Near the old port of Sligo in Ireland is a large house called Woodbrook; it is so well known that the area around it also takes its name from the house. A family called the Kirkwood have owned the house since the seventeenth century. At the age of eighteen David Thomson was appointed as a tutor to Phoebe Kirkwood in 1932. He ended up staying 10 years. In this memoir, he describes how he came to love the house and the region, and how he slowly fell for his pupil. As well as the story of the family and house, it is about Ireland in between the wars when there was a much slower pace of life.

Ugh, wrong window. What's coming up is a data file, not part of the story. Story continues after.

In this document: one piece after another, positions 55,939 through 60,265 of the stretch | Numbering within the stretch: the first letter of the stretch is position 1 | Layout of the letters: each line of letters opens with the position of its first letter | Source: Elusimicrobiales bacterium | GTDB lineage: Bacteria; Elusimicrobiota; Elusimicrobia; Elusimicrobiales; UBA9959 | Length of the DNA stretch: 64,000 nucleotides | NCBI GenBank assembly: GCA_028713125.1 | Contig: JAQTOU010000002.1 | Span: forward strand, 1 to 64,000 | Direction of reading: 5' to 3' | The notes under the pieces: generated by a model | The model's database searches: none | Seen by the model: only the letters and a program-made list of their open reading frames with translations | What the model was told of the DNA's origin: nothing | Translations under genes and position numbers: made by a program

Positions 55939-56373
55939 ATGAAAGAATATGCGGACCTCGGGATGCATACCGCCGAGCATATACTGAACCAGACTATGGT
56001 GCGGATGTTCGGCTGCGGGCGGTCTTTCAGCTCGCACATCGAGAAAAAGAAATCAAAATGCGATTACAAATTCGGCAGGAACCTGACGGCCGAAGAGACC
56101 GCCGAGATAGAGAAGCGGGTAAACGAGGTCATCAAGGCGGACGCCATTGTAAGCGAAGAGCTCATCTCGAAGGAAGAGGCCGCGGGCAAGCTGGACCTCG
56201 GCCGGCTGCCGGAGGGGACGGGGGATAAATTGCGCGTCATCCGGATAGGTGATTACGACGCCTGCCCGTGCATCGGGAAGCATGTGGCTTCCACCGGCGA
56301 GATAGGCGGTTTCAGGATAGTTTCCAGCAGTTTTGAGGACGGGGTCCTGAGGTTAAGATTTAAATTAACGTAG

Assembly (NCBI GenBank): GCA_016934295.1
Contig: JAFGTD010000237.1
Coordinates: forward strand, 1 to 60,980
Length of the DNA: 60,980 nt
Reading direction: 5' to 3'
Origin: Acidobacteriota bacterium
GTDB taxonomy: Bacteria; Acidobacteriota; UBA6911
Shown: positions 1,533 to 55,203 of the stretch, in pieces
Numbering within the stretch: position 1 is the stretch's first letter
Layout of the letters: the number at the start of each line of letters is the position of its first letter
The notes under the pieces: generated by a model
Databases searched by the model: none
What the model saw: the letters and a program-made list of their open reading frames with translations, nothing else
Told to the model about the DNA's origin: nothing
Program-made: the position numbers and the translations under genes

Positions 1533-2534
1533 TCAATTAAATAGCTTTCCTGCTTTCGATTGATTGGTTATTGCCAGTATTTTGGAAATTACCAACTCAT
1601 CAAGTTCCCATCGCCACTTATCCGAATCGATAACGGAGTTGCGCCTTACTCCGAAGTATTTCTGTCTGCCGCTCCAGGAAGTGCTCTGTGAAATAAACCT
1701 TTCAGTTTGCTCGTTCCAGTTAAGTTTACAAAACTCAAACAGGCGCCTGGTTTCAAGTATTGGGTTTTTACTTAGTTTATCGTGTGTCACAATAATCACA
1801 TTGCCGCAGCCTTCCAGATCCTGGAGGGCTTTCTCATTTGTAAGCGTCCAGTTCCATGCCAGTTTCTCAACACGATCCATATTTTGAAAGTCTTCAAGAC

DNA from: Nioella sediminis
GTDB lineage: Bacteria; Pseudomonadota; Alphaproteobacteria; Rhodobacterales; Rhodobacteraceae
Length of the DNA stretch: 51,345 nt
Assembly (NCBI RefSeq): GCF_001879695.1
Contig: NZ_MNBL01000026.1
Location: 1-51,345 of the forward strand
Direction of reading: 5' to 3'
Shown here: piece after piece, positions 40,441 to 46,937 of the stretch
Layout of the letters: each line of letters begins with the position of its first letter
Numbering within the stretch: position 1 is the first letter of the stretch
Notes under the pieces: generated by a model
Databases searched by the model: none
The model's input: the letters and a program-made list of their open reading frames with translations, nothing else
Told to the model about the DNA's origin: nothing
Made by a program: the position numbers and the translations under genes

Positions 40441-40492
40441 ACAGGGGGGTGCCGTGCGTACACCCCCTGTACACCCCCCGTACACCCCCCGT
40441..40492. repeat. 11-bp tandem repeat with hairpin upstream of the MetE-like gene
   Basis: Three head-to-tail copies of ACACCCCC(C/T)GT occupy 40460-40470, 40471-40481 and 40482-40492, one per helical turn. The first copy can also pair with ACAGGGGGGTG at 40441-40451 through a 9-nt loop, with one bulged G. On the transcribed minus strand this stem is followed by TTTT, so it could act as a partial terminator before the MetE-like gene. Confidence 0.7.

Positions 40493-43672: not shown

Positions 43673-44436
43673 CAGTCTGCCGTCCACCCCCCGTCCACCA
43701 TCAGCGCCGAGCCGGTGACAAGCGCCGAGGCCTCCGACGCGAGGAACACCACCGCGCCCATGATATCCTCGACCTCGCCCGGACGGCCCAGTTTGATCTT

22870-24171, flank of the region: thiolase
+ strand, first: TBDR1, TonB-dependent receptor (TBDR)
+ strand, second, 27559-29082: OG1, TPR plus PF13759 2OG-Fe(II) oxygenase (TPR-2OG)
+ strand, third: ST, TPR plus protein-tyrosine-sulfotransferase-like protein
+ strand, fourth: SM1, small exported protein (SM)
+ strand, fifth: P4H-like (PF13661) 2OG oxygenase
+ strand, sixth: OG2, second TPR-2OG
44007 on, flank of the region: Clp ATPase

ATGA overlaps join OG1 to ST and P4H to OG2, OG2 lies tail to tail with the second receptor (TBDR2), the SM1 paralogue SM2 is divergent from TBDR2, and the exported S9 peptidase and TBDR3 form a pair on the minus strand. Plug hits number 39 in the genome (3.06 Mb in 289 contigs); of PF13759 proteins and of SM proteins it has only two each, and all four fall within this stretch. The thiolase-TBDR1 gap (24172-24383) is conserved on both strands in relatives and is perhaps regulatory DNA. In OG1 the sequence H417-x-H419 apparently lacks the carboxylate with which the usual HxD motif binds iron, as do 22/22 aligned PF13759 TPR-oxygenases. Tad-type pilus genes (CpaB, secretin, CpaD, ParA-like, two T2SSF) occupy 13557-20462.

There were sections of this book that I really liked, in particular his travel around on a bike and personal interaction with the locals and other characters. Whilst I realise that it is important to set the context, I felt that there was too much history in the book for a memoir and it just felt that I was wading through it. Even though the time he was there this was after the civil war and into the Second World War, it was a tough life there and his recollection is lyrical but quite melancholy. Overall was ok to read, just didn’t live up to the promise of ‘masterpiece’ for me.